CIÉ coach-builder exposed to asbestos from engines, inquest told

Noel Sweeney (67) died after developing mesothelioma tumour linked to asbestos

Coroner Dr Brian Farrell said a  postmortem on the remains of Noel Sweeney (67), a father-of-two from Glenaulin Road in Palmerstown, Dublin, confirmed the presence of a malignant mesothelioma.  The tumour has a more than 90 per cent association with asbestos dust exposure, he said. File photograph:   Dara Mac Dónaill/The Irish Times

Coroner Dr Brian Farrell said a postmortem on the remains of Noel Sweeney (67), a father-of-two from Glenaulin Road in Palmerstown, Dublin, confirmed the presence of a malignant mesothelioma. The tumour has a more than 90 per cent association with asbestos dust exposure, he said. File photograph: Dara Mac Dónaill/The Irish Times

 

A CIÉ coach-builder who died of an asbestos-related cancer was exposed to the deadly dust while working on bus engines, an inquest heard.

Noel Sweeney (67), a father-of-two from Glenaulin Road in Palmerstown, Dublin 20, died surrounded by his family at his home on April 5th last year, having developed a mesothelioma – a tumour around the lung very highly associated with asbestos dust exposure.

Dublin Coroner’s Court heard from his wife Cora Sweeney that he had worked as a coach builder or craft worker for CIÉ since the early 70s.

He was responsible for the maintenance of buses, and initially built them until CIÉ started importing coaches from Britain.

He remained working with CIÉ until his retirement in 2011.

Ms Sweeney said it was through the maintenance of bus and train engines that her husband was exposed to asbestos.

‘Break the asbestos’

“The protection built around those engines was made of asbestos. Before they could fix the engine, they had to remove the cover and break the asbestos,” she said.

Her husband was never made aware that asbestos was a toxic substance, she told the coroner.

Even when he read a news report about the singer Christie Hennessy dying as a result of asbestos exposure, she said, he did not realise it was the same substance or that he would develop an “aggressive cancer”.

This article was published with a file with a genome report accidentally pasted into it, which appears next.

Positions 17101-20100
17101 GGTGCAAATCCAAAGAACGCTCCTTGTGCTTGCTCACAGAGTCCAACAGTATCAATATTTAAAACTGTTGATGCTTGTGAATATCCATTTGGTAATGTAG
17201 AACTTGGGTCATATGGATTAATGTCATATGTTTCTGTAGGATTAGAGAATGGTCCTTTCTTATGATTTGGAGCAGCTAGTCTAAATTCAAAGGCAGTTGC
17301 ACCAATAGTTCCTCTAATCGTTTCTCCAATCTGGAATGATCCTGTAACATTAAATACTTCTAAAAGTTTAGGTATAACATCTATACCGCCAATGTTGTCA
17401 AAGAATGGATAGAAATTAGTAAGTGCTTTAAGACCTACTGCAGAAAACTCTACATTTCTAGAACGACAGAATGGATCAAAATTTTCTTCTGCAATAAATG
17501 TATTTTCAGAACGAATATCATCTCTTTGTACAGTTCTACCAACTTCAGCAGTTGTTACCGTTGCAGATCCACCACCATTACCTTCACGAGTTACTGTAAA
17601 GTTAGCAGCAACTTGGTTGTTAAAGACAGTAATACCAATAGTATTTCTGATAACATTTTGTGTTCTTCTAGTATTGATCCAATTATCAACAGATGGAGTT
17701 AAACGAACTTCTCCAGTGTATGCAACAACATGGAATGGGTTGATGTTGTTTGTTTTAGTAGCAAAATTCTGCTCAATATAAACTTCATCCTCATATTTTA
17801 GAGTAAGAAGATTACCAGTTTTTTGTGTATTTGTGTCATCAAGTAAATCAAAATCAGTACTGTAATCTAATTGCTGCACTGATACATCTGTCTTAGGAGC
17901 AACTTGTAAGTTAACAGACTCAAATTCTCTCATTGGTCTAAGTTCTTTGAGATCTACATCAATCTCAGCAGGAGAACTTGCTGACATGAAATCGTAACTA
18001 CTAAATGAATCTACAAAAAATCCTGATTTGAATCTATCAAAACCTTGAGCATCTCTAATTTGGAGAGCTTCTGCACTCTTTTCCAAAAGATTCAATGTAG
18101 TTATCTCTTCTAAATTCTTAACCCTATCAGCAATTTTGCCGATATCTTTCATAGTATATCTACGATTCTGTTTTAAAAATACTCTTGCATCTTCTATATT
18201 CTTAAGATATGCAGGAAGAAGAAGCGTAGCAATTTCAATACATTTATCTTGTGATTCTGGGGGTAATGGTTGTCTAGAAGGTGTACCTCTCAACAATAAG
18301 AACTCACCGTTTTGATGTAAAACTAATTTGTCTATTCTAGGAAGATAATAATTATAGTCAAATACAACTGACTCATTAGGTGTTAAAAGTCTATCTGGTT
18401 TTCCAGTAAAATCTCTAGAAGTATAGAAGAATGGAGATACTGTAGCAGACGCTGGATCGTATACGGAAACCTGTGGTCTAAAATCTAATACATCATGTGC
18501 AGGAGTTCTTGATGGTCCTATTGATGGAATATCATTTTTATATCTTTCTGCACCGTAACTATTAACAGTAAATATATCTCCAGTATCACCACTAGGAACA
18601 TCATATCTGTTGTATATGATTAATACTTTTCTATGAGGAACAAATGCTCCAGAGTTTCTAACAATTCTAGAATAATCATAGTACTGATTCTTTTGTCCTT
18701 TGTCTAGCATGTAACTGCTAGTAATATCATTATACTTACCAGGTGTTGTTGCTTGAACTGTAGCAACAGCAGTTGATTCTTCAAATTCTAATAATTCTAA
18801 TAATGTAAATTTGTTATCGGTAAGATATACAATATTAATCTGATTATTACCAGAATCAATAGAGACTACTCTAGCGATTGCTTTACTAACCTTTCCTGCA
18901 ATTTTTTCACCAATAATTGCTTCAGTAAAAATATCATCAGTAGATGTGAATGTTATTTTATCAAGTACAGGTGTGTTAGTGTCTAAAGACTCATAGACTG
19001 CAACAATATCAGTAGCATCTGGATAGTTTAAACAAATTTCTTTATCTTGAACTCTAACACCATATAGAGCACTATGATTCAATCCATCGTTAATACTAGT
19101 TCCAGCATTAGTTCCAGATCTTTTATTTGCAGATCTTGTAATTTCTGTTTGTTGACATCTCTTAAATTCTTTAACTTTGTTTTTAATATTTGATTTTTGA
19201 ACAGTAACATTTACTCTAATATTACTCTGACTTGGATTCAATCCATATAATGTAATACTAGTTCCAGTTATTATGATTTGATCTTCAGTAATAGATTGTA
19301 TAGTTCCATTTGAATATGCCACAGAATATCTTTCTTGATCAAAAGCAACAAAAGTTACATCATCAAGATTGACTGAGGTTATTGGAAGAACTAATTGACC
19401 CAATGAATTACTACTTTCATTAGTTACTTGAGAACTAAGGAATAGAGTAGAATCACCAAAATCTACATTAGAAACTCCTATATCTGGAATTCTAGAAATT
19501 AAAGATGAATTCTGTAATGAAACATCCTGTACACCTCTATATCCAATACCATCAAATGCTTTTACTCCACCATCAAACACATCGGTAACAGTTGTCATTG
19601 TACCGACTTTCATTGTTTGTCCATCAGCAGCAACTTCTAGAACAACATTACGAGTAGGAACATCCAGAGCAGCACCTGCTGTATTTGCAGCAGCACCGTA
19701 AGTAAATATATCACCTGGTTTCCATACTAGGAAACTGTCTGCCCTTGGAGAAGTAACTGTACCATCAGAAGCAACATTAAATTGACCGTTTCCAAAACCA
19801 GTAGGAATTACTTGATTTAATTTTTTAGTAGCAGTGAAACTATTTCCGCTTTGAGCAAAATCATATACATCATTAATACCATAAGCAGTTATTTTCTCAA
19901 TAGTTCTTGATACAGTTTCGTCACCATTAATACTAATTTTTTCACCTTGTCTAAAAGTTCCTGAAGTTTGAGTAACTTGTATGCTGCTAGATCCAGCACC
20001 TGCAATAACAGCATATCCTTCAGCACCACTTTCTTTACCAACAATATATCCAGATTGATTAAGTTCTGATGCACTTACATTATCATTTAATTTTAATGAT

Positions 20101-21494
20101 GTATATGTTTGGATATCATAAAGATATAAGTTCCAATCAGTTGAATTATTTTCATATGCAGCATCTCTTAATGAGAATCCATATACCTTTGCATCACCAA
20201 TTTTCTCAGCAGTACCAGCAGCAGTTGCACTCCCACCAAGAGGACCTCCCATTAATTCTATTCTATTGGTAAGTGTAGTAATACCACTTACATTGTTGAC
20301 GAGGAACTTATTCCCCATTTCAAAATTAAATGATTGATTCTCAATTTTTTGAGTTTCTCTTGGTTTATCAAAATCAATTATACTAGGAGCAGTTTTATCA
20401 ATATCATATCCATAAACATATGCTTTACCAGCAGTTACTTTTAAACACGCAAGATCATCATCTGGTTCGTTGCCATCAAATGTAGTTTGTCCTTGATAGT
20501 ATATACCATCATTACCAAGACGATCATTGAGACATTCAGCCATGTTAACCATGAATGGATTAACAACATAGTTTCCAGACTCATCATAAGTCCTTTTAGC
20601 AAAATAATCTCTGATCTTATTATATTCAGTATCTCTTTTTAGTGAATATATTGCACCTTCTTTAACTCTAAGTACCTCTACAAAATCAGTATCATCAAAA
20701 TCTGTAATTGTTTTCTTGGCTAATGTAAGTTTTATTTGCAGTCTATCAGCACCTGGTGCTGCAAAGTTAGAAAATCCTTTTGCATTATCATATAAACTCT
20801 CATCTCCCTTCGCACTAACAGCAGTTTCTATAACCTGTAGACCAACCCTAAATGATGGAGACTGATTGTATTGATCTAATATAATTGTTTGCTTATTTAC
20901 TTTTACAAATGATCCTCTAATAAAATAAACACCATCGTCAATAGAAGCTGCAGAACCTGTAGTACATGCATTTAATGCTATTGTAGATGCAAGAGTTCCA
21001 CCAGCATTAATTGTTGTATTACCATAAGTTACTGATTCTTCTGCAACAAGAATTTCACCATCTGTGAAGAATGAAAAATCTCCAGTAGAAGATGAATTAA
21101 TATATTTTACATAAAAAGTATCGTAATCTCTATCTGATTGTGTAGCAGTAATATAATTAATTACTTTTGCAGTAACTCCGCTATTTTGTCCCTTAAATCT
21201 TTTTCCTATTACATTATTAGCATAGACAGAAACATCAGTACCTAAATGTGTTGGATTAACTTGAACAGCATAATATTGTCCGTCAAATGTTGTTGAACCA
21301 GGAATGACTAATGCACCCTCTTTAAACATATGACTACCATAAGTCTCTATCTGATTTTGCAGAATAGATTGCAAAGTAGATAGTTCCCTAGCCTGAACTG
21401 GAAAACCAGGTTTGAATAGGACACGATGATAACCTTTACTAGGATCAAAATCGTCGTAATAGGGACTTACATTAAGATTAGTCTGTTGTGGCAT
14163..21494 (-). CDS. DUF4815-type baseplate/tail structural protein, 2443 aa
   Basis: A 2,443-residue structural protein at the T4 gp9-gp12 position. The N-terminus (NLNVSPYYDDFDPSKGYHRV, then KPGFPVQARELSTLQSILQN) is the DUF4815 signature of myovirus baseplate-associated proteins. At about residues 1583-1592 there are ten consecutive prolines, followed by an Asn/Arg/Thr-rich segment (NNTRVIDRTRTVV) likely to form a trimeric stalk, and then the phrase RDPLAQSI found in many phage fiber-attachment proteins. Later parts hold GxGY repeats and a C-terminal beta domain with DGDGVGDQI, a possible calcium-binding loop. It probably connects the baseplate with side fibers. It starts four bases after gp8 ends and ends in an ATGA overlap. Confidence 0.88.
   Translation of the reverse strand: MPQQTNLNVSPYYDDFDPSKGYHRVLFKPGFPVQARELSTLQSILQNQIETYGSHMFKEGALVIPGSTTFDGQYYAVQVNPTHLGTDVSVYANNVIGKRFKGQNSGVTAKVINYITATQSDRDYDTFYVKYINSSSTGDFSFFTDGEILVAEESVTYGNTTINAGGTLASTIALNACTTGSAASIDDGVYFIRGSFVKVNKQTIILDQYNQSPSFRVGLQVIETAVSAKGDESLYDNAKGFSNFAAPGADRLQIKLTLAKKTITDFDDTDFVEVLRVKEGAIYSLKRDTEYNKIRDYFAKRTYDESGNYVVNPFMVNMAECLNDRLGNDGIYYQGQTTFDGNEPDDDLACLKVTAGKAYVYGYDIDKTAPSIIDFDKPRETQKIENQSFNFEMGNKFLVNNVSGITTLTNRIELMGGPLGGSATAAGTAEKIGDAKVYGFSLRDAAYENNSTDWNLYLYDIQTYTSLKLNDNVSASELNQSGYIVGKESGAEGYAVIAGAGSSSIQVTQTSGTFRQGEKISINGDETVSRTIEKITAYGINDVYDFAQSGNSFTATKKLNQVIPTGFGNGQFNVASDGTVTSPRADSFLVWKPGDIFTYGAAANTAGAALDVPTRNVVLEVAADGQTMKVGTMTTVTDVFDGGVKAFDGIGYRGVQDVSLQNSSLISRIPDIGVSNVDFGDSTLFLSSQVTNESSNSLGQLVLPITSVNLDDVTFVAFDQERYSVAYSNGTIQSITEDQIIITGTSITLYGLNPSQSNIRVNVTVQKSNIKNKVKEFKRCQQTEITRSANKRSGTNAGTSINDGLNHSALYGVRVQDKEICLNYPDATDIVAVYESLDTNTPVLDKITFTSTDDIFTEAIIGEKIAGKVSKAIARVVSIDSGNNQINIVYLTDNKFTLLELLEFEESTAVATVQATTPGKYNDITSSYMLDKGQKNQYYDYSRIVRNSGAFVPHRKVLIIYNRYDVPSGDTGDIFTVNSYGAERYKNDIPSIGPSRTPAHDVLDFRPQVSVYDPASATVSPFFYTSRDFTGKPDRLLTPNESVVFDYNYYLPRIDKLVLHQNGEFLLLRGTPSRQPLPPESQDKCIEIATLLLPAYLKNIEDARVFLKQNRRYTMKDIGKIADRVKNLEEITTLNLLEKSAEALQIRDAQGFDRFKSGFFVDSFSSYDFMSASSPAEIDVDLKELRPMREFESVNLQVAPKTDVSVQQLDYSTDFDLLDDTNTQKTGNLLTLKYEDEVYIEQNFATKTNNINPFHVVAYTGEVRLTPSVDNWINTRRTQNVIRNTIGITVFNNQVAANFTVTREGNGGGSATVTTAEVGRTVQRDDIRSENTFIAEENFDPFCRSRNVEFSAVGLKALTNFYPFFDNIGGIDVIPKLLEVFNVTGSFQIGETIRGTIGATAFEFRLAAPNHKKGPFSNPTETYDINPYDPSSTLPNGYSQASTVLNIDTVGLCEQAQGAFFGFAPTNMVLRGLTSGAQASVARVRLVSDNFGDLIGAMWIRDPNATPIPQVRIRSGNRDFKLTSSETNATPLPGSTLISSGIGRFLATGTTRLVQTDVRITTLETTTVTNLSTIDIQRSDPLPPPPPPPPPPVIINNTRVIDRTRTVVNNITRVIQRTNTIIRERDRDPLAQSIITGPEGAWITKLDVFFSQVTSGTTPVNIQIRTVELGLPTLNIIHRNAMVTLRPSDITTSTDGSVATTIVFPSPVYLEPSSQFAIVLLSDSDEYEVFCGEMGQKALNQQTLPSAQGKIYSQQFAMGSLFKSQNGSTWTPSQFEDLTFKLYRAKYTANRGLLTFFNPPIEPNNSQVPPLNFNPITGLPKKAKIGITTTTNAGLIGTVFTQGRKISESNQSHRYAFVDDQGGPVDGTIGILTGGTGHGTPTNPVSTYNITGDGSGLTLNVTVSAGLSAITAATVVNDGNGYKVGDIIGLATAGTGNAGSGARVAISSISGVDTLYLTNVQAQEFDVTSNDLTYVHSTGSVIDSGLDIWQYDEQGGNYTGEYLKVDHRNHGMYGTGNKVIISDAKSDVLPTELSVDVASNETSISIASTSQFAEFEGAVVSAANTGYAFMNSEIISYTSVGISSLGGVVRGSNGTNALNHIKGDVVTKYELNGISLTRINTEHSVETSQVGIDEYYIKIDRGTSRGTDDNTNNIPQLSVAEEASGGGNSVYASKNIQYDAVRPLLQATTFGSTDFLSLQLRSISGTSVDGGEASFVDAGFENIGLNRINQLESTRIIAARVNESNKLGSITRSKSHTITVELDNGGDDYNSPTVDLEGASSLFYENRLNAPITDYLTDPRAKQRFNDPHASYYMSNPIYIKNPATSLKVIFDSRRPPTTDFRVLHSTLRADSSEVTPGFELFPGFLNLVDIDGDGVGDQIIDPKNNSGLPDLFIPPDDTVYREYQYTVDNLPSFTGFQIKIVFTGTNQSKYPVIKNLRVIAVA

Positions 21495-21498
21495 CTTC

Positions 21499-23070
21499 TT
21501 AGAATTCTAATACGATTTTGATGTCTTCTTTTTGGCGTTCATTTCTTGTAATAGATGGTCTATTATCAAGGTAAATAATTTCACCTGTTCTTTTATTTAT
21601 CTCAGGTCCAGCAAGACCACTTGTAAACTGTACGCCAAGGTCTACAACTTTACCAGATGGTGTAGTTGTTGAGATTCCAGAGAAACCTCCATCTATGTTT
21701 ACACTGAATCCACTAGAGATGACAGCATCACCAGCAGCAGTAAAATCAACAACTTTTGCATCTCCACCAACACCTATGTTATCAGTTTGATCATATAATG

“Each time the cover was taken off, the asbestos would have been air hosed and the employees didn’t even wear masks back then. They used overalls. My husband would wear one too.

“Most of his life he would bring it home and I would wash it together with all the other clothes. Then he was told to leave the overalls in work for health and safety reasons. They would wash them,” said Ms Sweeney.

Her husband did not complain about his health, Ms Sweeney said, but five years before his death she began to notice changes in his physique, general wellbeing and moods.

He went to the doctor at her behest in June 2012 and was admitted to hospital for testing six months later.

Pain management

Tests showed he had developed the mesothelioma. Mr Sweeney underwent some chemotherapy and radiotherapy and attended a hospice for pain management.

He returned home in February 2014 and remained there until his death.

Coroner Dr Brian Farrell said the postmortem confirmed the presence of a malignant mesothelioma.

The tumour has a more than 90 per cent association with asbestos dust exposure, he said.

The cause of death was given as advanced left-sided mesothelioma of the pleura, consistent with asbestos dust exposure.

He returned a verdict of occupational-related disease.